• For a cake height of about 1 inch, you'll want to use a heat-proof dish that's about 6 inches in diameter (I use a glass tupperware, and my mom uses a stainless steel pan). Bring a pan of water to boil, making sure there's plenty of steam and that the top of the water doesn’t touch your steaming dish.
  • Brush the inside of the steaming dish with a tiny bit of oil. This will make cake removal and cleanup easier later.
  • Give the brown sugar water mixture a good mix to dissolve any settled tapioca starch (make sure to do this with every layer). Ladle just enough of the brown sugar water to cover the bottom of the dish.
  • Lower the heat to medium, and steam for 3-4 minutes or until the layer has solidified and looks completely translucent. If it looks white or milky, keep steaming it until it's translucent. If the layer has wrinkles, lower the heat a bit. If the layer has a bunch of tiny bubbles in it, it means it's been cooked too long, so reduce the steaming time on the next layer. If it's taking much longer than 3-4 minutes, turn the heat up a bit to generate more steam.
  • Give the milk batter a mix, then ladle the milk batter as the second layer. Steam for another 3-4 minutes or until the layer has solidified. The milk layers should look opaque and white after steaming.
  • Keep alternating until you’ve run out of batter. Periodically check the water levels in the pan and add more if needed. The last few layers may require 1-2 extra minutes of steaming each. You should finish with the sugar water layer (brown).
  • Once it’s all done steaming, let it cool slightly before adding the toasted sesame seeds and dried coconut on top.
    shredded or dried coconut, toasted sesame seeds, jujube / red dates, peanuts

Cooling and storage

  • Let the cake cool completely at room temperature (this may take a few hours, and we actually prefer to eat it next day for the best texture).
  • Use a lightly oiled knife to slide around the perimeter of the dish to release the cake. To get the nicest and cleanest cuts, use an oiled cleaver to cut straight down on the cake. Kitchen scissors also work for cutting them into smaller pieces. If you prefer the texture to be on the firmer side, you can refrigerate it before serving, but it’s normally eaten at room temperature.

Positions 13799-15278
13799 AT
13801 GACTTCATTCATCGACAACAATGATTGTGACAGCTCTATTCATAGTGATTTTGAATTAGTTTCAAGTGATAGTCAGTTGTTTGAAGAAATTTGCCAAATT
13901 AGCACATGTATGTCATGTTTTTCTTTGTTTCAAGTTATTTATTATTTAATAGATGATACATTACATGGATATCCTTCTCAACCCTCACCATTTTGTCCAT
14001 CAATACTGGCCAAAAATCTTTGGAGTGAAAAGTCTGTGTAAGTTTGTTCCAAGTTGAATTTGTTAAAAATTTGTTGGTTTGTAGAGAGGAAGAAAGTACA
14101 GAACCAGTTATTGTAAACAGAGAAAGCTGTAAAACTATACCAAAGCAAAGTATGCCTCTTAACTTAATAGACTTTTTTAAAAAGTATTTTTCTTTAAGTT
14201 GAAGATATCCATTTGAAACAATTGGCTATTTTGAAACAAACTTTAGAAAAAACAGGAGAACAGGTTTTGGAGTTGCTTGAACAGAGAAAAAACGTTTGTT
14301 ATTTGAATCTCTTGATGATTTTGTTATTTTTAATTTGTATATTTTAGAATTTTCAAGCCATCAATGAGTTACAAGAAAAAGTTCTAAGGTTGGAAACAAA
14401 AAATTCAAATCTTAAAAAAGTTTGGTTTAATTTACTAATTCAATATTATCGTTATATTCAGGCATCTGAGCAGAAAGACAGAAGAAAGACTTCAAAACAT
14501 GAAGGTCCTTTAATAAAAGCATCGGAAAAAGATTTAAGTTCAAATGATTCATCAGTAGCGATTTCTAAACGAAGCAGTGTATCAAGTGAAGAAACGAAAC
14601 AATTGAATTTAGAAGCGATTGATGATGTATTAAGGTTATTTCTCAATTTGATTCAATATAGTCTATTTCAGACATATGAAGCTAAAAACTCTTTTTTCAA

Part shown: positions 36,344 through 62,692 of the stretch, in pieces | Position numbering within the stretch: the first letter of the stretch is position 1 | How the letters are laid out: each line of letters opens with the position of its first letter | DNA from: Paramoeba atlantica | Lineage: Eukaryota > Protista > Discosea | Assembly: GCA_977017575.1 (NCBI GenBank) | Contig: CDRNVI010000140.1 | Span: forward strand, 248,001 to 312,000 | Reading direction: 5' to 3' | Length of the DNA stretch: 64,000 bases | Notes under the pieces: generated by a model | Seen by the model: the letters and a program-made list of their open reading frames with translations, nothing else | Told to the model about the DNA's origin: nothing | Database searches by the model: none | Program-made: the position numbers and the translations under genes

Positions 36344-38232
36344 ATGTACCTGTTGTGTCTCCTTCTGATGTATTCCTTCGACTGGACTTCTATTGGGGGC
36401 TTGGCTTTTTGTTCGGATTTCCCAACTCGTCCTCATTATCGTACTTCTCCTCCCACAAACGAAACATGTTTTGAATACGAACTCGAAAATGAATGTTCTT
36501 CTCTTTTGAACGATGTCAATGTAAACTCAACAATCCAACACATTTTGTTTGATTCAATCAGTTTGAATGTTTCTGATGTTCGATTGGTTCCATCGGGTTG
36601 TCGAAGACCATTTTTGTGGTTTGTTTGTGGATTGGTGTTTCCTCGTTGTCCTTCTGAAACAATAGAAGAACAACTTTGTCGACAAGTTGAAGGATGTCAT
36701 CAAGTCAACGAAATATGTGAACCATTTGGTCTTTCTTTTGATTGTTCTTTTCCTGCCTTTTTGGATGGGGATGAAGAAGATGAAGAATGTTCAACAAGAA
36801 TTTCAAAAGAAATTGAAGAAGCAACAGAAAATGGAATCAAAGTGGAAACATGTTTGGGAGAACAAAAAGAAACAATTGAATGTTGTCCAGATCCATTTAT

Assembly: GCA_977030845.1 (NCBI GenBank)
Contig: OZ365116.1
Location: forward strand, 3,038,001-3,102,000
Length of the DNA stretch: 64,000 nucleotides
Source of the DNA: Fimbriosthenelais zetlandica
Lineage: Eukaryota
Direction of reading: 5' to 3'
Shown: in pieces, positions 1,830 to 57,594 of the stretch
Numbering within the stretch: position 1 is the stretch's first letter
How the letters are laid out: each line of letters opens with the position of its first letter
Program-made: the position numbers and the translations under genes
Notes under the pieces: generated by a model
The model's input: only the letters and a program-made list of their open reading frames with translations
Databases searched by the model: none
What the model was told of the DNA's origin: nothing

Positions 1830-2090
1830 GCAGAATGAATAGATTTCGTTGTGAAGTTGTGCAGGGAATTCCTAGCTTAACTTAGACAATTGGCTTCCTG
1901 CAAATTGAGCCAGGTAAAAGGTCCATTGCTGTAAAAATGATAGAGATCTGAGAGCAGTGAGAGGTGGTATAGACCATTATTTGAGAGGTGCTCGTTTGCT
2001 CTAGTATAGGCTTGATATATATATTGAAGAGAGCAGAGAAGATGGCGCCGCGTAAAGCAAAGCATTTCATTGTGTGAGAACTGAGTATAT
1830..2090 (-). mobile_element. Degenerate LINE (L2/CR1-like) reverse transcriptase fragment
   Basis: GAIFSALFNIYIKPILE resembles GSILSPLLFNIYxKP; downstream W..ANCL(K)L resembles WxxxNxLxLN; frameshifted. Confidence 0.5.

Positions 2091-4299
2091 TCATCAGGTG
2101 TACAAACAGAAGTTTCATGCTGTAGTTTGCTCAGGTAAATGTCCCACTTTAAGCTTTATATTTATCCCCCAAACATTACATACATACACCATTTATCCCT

• For storage, we store this at room temperature (covered). If you plan to eat this over the next several days, store it in an airtight container, covered, in the fridge. It should last up to 3-4 days. It will be more firm, but you can re-steam it to soften the texture.
Keyword steamed tapioca cake, steamed tapioca layer cake, tapioca layer cake, toisan steamed tapioca cake
Tried this recipe?Let us know how it was!


  1. 5 stars
    It’s so good that I’ve made this three times now! Definitely eat it the next day at room temperature. It helps the sweetness mellow out and the texture more palatable.

  2. 4 stars
    Cannot wait to try this – Thanks for sharing.

    Just wanted to ask what the purpose is the whole milk is? Is it possible to leave it out and just use coconut milk?

  3. 5 stars
    Thank you for this delicious recipe that brought back so many of my childhood memories! I love the coconut milk layer. My parents and toddler are huge fans of this; we ate this the following day at room temperature. We’re definitely making this again.

  4. 5 stars
    This was delicious and it brought back memories of my grandma making this cake! I made it yesterday for dessert and just made another one this morning for more family. Thank you for sharing your recipe!

  5. 5 stars
    So delicious!!! How long do you think it can last in the refrigerator?

  6. 5 stars
    the absolutely perfect “not so sweet” dessert ! this was my first time making and having it, loved the chewy texture! thanks for sharing this recipe and helped impress my ILs 😅

  7. Eleisawifelife

    Can I use glutinous rice flour instead of tapioca flour/starch? I have tons of the glutinous rice flour for when I make my white nian gao. Thanks for sharing! Looking forward to make for my parents.

    • Hi Eleisa! Glutinous rice flour typically gets you a more mochi-like texture, so it would be quite different from the tapioca version! I haven’t tried it, but if you do, let me know!

  8. 5 stars
    First time making it and it turned out great for me! I have a makeshift steamer set up so It took longer than the 3-4 mins of streaming for each layer but with a little patience, voila!

    I brought it to a CNY celebration with my (toisan) family and they all enjoyed it. My aunties and uncles all reminisced on when grandmother made it.